November 29, 2002
REGISTERING A DOMESTIC PARTNERSHIP IN CALIFORNIA
By: Susan Price-Livingston, Associate Attorney
You asked what steps people who have registered domestic partnerships in California must take to qualify for state rights and benefits enacted after their registration.
Since 1999, California's secretary of state has administered a state-wide domestic partner registry for adult couples "who have chosen to share one another's lives in an intimate and committed relationship of mutual caring" (Family Code § 297). Under current law, registration is available only to same-sex couples over the age of 18 or opposite-sex couples when one person is over age 62 and eligible for certain Social Security (old age) benefits. The couple must:
1. have a common residence,
2. agree to be jointly responsible for each other's basic living expenses,
3. be neither married nor a member of another domestic partnership,
4. not be related by blood in a way that would prevent them from being married to each other in California,
5. be capable of consenting to the domestic partnership, and
6. file a notarized Declaration of Domestic Partnership (id. ).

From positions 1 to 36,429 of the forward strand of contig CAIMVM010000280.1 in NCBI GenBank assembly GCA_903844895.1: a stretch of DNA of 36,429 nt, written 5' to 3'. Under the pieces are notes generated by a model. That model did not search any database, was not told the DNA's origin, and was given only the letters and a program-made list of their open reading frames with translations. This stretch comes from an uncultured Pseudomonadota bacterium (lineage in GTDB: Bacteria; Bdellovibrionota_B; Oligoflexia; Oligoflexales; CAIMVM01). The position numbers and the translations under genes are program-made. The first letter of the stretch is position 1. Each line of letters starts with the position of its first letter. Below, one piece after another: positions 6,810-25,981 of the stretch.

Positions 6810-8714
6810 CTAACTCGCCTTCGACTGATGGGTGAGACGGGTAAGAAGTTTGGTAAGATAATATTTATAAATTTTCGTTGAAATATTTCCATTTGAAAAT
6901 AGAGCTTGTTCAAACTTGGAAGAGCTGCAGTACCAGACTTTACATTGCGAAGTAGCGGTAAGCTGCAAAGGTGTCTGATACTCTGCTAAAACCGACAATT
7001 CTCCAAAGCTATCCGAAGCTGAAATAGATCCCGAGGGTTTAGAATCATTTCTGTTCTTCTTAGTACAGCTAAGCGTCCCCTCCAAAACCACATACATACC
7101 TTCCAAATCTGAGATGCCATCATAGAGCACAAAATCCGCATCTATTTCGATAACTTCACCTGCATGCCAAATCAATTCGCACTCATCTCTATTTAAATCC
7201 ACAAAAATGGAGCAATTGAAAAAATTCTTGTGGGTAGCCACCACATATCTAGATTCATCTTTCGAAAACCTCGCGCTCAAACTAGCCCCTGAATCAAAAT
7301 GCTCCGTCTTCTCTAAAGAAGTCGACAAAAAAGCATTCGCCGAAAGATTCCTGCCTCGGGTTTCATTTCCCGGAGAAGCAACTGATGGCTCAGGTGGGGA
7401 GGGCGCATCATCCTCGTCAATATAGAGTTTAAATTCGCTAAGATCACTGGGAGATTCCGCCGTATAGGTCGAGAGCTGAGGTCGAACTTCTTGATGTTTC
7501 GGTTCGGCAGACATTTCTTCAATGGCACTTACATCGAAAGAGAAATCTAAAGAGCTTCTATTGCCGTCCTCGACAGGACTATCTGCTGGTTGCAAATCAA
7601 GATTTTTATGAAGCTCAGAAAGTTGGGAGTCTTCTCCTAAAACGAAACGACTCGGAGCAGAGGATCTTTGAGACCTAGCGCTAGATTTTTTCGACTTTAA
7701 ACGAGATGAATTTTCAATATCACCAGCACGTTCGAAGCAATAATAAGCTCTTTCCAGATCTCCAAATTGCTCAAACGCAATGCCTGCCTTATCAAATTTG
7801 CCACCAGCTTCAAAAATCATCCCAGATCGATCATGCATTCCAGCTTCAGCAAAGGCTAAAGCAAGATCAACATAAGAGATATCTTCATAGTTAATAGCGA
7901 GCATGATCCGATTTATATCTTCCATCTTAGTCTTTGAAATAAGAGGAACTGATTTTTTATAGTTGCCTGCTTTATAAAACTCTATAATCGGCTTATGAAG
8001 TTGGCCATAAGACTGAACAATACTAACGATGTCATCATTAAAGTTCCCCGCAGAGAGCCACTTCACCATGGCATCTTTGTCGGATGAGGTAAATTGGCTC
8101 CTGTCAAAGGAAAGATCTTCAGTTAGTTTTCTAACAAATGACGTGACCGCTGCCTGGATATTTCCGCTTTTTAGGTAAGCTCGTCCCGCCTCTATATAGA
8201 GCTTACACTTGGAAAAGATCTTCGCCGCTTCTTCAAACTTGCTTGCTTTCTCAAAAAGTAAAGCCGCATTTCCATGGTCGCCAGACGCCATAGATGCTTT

It appears that once registered as a domestic partnership, partners qualify, without further action, for all existing and future benefits flowing from that status. Language in AB 25 (which passed in the 2001-02 legislative session) gave legal effect to registered partnerships in any provision of law specifically referring to domestic partners, and then added references to such relationships in 60 separate state laws (44 in the Probate Code, six in the Family Code, four in the Unemployment Insurance Code, two in the Government Code, and one each in the Health and Safety, Insurance, Labor, and Revenue and Taxation codes).
Similarly, the extension to registered domestic partners of coverage under California's intestacy law in AB 2216 (also enacted in the 2001-02 session) requires the secretary of state to notify all couples who registered before January 1, 2003, that they will be covered under the law when it goes into effect on July 1, 2003 unless they have (1) a will, trust, or other estate plan or (2) terminated their partnership in the manner provided by law.
OLR Report 2002-R-0950 provides additional information on the scope of California's domestic partnership law.